A mother’s guide to the university entrance process and UCAS, by Dagmar Morris.
A pleased pupil at Roedean opens their results
When my oldest child started looking into universities I began to realise the complexity of it all and I also realised there was nowhere I could turn to get the answers I needed. It was at this point that I began writing a guide to help other parents. I wanted to give tips and advice on how to make the university search as painless as possible. It can be a daunting experience for parents and it starts at the beginning.
Here are some key steps you should follow in the university selection process:
1. Discuss with your child
The first thing you need to do is discuss with your child what it is they actually want to study at university. Make sure it is something they are passionate about. University is not just about ‘the experience’, although at this stage they may think it is. For some, this conversation might be part of an ongoing dialogue that began when picking GCSE subjects. Statistically, pupils who have discussed what they do in Year 9, tend to be more focused and do better.
2. Talk to your school
Schools are integral to the university process; speaking to their teachers to get advice and guidance is extremely helpful. Your child will need to know their predicted grades and the course requirements; they will also need a school reference and to write a personal statement. The school can assist with all of this.
3. League tables
Check out the top 100 universities offering the subject they wish to study. A useful place to start considering league table rankings is on the website Complete University Guide. Newspapers like The Telegraph and the Guardian also publish results. Then you can start to narrow down your options.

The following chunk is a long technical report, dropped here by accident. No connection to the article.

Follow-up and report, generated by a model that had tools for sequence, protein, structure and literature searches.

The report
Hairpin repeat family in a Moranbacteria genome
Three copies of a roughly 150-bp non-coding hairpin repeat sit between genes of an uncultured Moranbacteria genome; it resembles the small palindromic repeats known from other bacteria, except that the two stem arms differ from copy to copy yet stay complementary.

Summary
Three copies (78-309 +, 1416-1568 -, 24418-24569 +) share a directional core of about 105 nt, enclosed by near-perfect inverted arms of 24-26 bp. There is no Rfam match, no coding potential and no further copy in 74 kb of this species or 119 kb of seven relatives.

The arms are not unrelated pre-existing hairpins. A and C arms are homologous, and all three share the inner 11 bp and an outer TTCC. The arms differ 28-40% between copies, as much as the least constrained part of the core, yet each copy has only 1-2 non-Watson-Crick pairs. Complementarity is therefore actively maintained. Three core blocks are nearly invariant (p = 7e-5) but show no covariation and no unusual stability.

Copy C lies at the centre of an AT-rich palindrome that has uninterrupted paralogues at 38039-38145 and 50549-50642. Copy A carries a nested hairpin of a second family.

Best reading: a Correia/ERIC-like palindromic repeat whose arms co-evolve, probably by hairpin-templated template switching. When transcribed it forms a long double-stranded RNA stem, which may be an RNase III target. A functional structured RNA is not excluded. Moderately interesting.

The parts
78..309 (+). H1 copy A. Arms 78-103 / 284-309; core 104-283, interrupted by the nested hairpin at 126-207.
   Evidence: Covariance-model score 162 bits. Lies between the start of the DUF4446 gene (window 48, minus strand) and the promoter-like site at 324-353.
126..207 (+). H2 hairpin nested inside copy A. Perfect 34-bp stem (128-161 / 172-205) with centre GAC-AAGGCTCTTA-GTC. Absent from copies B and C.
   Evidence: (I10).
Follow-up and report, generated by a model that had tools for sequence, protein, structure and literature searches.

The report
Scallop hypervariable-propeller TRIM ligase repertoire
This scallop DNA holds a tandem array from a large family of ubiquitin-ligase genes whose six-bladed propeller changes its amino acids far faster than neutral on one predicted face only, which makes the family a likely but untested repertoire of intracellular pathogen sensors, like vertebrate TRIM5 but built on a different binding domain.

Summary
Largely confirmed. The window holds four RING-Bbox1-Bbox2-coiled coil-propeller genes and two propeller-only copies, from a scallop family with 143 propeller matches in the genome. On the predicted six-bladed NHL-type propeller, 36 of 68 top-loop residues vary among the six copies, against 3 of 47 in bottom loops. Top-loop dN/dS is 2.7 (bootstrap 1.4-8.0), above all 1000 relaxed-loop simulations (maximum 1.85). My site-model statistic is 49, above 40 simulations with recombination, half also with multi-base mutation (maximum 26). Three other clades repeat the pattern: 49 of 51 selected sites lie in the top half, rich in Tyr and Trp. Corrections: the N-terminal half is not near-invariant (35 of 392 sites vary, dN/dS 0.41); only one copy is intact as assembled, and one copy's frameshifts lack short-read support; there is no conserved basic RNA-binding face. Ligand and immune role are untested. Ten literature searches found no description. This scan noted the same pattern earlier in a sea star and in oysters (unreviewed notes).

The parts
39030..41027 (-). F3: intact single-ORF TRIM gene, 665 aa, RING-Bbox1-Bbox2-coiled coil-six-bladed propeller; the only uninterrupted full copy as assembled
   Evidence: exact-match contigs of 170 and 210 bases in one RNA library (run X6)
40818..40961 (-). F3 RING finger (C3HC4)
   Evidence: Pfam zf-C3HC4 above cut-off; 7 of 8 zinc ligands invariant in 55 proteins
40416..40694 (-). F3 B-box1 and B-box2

4. Visit university websites
Start with the syllabus, which varies from university to university, and will be listed on the university’s website. If the syllabus doesn’t interest your child, strike it off the list. Additionally, read the National Student Survey for universities ranked by student satisfaction. This information is great for peace of mind.
5. Meet university personnel
Go to any meetings set up by the school involving university personnel. These events will cover university application and time frames, as well how student loans work and where to apply for them. Scholarships, bursaries and grants will also be reviewed and open days will be discussed. Hidden costs will also be mentioned, like travel, food and study tools needed, including course textbooks.
6. Location, location, location
Consider whether leaving home to go to university is a good idea or whether they want to stay nearby. This will help to narrow down the choice further.
7. Open days
I would strongly recommend going to look at the university on an open day or taking an individual tour. Larger universities tend to have faculties for specific subjects, but your child might prefer the university to feel more intimate and subjects not to be divided so definitively.
Have a look at the university’s facilities. Some larger ones universities have shops, restaurants, banks or even fitness centres. Others don’t, but tend to be near a city that does. Transport links might be important. Go to a lecture on the chosen subject and look into university accommodation.
9. Register with UCAS
You will need to register at the Universities and Colleges Admission Service (UCAS), which helps with the administration of university applications. UCAS opens for applicants in September. Don’t forget to apply to Student Finance for student loans. This can be applied for after completing the UCAS form.
10. Get in early
Be aware that your application needs to be in during mid-October for the universities of Oxford, Cambridge, or any professional course in medicine, veterinary medicine, science and dentistry. Make sure they apply by mid-January for the majority of courses.
Once they have applied to the universities of their choice they can stay in contact with the university via the admissions office. Any questions or concerns can be directed to them.
Dagmar Morris’ book is available from bookguild.co.uk; £9.99